Falcom, the source of much awesome from the late 1980s on, was at one point almost more of a record label than a game studio. In 1990, Falcom was right in the middle of a myriad of new, exciting projects, ranging from the takeoff of their Legend of Heroes series to a third successful Special Box, and on March 26, they held the “Miss Lilia” Contest, where out of 1,873 contestants, 15-year old Rie Sugimoto won the top prize – a record label and entertainment debut provided by Falcom themselves. Though Falcom had ventured quite far into music production territory before, this was something almost unrelated to their games, though technically winning the contest made Rie Ys II’s “image girl” as well.
The first album to come from this new arrangement is, not surprisingly, Lilia, a four-track EP-length disc. Since it came out on the cusp on a new era in music, its a mash of 90s and 80s sounds that are most assuredly cheese-tastic. Lilia, and the several albums that came after it, mix arranged versions of classic Falcom tunes with new, original compositions written solely for the album. The first track is one such song; a shuffle pop-rock number similar to Falcom’s Special Box vocals, but lacking that shimmering composition and sound quality found on the Falcom Vocal Collections. The tune wanders around a lot, but fans of sugar-sweet pop may find enjoyment here.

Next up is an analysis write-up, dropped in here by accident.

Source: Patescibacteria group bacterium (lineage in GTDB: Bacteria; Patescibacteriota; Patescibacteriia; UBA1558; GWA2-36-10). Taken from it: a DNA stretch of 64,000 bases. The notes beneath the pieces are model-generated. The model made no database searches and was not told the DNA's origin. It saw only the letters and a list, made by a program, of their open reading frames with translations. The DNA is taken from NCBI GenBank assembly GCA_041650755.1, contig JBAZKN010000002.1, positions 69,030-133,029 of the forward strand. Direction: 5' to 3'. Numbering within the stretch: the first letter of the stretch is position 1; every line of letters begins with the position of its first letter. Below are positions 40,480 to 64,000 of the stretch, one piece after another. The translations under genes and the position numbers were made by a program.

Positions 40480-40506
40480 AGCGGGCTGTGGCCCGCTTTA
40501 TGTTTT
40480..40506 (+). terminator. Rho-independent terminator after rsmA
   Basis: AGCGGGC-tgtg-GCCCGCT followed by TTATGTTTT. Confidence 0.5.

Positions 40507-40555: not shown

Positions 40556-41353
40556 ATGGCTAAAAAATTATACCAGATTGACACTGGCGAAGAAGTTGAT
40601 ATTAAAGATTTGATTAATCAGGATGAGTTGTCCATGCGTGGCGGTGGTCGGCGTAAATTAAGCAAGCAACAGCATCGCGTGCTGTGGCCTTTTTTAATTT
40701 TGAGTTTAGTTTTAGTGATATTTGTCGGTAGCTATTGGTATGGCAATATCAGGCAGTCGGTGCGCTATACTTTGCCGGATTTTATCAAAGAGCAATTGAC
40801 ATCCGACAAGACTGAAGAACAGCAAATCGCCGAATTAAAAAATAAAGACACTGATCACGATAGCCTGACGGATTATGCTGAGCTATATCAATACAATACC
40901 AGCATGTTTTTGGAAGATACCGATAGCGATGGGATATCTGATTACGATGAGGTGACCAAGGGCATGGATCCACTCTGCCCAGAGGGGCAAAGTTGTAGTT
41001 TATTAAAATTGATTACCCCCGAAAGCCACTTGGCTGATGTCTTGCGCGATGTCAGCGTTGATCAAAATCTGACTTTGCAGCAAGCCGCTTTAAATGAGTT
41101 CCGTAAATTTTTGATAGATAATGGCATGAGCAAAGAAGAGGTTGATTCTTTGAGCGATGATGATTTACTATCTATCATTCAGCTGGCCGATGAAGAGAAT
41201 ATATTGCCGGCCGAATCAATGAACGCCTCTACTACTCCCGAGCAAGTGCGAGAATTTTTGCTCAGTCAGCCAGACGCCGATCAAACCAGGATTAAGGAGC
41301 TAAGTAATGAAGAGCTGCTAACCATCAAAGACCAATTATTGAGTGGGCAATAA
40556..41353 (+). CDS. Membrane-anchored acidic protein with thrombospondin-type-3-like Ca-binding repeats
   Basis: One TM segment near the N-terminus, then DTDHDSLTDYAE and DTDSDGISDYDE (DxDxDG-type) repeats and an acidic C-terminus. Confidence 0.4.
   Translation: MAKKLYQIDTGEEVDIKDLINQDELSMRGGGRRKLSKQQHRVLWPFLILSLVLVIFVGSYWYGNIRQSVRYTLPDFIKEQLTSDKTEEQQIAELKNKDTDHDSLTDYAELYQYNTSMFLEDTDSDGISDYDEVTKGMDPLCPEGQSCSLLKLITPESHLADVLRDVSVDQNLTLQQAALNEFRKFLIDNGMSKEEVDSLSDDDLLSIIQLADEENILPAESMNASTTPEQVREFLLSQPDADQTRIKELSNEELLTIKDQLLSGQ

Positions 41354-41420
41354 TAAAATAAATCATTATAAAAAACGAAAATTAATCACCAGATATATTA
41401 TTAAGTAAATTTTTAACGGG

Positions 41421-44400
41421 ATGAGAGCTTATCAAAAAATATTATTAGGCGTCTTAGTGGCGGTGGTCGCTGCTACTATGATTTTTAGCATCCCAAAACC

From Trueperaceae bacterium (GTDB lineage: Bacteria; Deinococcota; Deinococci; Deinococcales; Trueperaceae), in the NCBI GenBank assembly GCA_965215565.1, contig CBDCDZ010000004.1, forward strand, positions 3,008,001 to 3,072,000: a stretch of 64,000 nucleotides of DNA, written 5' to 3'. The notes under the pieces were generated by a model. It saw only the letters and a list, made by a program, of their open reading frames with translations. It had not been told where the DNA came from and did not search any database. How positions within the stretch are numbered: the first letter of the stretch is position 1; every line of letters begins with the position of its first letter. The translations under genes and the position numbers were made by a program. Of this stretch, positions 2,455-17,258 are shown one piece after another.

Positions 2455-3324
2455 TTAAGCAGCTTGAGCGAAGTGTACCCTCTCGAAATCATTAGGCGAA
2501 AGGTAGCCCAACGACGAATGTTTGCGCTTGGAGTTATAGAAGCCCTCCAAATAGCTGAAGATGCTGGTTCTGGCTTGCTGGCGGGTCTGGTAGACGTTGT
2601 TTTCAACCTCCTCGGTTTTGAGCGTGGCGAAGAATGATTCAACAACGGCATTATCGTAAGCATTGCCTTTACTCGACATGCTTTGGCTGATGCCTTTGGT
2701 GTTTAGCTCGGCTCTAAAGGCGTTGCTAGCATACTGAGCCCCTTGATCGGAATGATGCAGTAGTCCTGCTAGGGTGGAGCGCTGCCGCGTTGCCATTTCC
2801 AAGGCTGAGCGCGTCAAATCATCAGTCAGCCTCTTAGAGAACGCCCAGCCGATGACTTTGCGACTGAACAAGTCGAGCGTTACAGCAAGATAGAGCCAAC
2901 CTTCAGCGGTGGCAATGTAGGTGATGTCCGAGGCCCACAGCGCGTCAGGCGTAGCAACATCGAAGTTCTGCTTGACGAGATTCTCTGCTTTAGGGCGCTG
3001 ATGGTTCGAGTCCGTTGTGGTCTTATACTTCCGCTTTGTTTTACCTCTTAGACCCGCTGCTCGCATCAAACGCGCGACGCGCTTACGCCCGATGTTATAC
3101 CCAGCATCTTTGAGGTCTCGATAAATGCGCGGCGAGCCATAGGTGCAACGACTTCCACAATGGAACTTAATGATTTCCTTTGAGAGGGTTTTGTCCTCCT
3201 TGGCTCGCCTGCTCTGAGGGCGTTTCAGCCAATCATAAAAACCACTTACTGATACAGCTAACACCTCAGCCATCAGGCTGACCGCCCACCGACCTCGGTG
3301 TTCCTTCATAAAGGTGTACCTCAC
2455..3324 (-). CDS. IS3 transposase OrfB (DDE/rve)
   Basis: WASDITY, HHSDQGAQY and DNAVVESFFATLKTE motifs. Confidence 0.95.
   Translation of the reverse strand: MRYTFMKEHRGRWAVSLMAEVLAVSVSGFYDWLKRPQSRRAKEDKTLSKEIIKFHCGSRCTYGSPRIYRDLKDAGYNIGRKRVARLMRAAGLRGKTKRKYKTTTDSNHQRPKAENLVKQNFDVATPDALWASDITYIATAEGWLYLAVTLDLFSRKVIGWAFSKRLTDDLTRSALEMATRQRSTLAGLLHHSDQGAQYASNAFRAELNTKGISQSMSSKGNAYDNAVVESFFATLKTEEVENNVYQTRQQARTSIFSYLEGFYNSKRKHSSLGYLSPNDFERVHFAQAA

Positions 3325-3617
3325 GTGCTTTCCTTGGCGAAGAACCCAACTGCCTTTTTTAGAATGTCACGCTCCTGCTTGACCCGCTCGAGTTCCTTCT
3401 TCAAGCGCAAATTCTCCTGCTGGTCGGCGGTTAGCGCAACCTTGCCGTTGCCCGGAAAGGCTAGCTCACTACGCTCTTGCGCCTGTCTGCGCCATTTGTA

Track two is a faithful arrangement of Ys II’s “Too Full With Love.” and not altogether bad. Most arrangements of this tune tend of border on plodding, so its nice to hear something a little more upbeat – though this version is easily eclipsed by the lovely arrangement of Ys II’s “Music From” album. Still, this song is the highlight of the album and probably aged the best out of the bunch.
Following that is another Ys arrangement, this time of “Lilia.” Yea, no remixes of Feena! As if there was a shortage of those. This track is unfortunately very cheesy, even more than the first one. Rie’s vocals are fine, but the arrangement offers little over the dramatic, gorgeous original “Vocal From Ys” version, or the London Philharmonic take, both of which have aged far, far better and have some lush, live instrumentation. The take here does have its moments, like the nice synth sting sample and the always-cool church bells, but overall is a little uninspired.
Closing out the album is a Beatles’ cover, “Goodbye,” which is just too much for me to take seriously. Really, just listen to it. Sounds a little bit like it belongs on Sesame Street, but I guess that makes sense considering they’re pushing the “cute” side of things pretty hard on this album.
All told, there’s not much here unless you’ve a huge Falcom fan, or just love excessively cutesy cheesy music. Look forward to Rie’s next album, and beyond, for a much better and mature sound.